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Indian EV market booms: Sales record cross one million units

The Society of Manufacturers of Electric Vehicles published data showing EV sales over one million
13-Apr-23 6:00 PM
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Indian EV market booms: Sales record cross one million units

In FY22-23, India's sales of

electric vehicles

surpassed one million units for the first time. The Society of Manufacturers of Electric Vehicles (SMEV) has released figures showing that in FY 2023, sales of e-buses, e-cars, e-three-wheelers, and e-two-wheelers totalled 11,52,021 units. This is an increase of 58% from the 7,26,861 units sold in FY21–22.

Two-wheelers made up the largest portion of the EV market (62%), selling 7,26,976 high-speed EVs, despite adoption falling month over month and "ending with an annual shortfall of more than 25% over the minimum target set by Niti Aayog," according to a statement from SMEV. Aside from this, the total number of two-wheelers sold in FY23 includes 120,000 low-speed e-scooters, 2,85,443 low-speed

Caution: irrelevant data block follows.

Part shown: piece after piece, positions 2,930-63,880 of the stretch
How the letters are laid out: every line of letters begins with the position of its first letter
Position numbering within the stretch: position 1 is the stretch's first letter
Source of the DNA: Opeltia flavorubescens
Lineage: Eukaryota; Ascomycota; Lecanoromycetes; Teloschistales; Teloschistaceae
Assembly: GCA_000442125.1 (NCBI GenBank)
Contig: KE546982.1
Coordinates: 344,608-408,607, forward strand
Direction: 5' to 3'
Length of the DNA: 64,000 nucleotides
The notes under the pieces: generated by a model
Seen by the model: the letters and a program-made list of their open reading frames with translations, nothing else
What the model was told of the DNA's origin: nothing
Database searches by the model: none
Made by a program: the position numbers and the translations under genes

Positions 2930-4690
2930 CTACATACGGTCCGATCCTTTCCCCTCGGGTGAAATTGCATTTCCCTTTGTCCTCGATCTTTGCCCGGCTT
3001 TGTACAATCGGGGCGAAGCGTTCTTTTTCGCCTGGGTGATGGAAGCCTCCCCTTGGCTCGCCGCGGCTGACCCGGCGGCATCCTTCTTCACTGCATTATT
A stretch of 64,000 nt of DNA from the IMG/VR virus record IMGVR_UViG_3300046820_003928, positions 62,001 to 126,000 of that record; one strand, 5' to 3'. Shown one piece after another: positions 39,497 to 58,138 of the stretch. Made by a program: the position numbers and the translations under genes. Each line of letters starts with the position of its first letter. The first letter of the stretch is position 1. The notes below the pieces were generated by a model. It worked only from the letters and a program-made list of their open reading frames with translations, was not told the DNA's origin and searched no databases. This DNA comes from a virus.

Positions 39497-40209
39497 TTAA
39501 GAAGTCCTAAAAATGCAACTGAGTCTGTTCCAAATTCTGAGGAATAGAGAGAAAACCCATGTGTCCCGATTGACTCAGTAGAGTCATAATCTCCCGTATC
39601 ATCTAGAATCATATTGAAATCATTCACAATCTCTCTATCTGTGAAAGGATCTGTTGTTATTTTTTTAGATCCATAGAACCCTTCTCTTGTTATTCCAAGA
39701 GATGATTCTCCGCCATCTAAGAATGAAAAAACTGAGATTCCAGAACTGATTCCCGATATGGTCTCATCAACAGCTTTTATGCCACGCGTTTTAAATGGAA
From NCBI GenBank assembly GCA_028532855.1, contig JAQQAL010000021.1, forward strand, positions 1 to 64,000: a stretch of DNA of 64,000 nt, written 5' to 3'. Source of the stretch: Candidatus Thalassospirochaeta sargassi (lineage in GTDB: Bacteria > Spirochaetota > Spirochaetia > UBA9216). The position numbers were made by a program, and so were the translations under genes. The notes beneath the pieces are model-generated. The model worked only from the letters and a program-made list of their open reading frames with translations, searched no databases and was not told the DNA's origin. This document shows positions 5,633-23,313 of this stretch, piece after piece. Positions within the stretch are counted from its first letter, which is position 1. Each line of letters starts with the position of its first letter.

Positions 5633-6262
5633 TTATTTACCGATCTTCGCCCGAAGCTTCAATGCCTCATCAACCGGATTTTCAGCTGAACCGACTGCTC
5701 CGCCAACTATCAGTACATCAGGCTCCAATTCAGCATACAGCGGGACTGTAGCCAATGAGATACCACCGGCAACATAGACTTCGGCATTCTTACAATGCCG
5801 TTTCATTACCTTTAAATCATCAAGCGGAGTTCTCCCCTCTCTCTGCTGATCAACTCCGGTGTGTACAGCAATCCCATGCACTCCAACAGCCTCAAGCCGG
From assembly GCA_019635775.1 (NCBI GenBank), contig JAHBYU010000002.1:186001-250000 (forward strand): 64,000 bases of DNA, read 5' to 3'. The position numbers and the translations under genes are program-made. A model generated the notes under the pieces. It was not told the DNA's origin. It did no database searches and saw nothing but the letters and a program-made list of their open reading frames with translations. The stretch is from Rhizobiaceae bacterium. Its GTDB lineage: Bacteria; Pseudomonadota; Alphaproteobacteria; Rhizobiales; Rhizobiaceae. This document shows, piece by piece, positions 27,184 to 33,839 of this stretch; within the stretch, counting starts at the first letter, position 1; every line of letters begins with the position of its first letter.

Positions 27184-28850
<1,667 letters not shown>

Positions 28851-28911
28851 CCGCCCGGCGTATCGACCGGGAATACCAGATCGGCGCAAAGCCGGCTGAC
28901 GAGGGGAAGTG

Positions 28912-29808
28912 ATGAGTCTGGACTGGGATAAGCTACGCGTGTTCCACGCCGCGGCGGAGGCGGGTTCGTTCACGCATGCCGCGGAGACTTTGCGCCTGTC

, and almost 50,000 low-speed e-cycles, bringing the total number of low- and high-speed-two-wheelers-sold-to 8,46,976 units.

The number is significantly higher than the 3,28,000 units sold in FY22 and the 27,888 electric two-wheelers sold in FY17. With 4,01,841 units produced, electric three-wheelers accounted for the second-largest EV market share in FY23.

Electric four-wheelers

sold 47,217 units at 4%, but electric buses only sold 1,904 units at 0.16%. The suspension of FAME2 subsidies for businesses that do not meet localisation requirements, however, has raised concerns from the industry, which claims that it has hurt sales.

According to the SMEV statement, the sudden withholding of more than the 1,200 crores in subsidies that the majority of OEMS had already passed on to customers under the pretext of a delay in localization was the reason why the momentum for the adoption of electric two-wheelers "fell after the festive season, not because of consumer demand." Due to allegations of underbilling in order to circumvent FAME regulations, "an additional 400 crore of the OEMS operating in the premium end also got stuck."

16 businesses are now waiting for this stalemate to be resolved. "While all the earlier programmes since 2015 had almost an unrecognizable effect on the adoption of EVs, the revised FAME2 had a dramatic effect on the adoption of e-two wheelers as it decreased their prices by about 35%," said Sohinder Gill, director general, SMEV. Due to the exceedingly low number of electric two-wheelers, the component supply chain had previously avoided anything related to them. Late in 2021, suppliers started lining up with OEMS to indicate their interest in creating EV components. Most of these vendors needed 12 to 18 months on average to complete localization.

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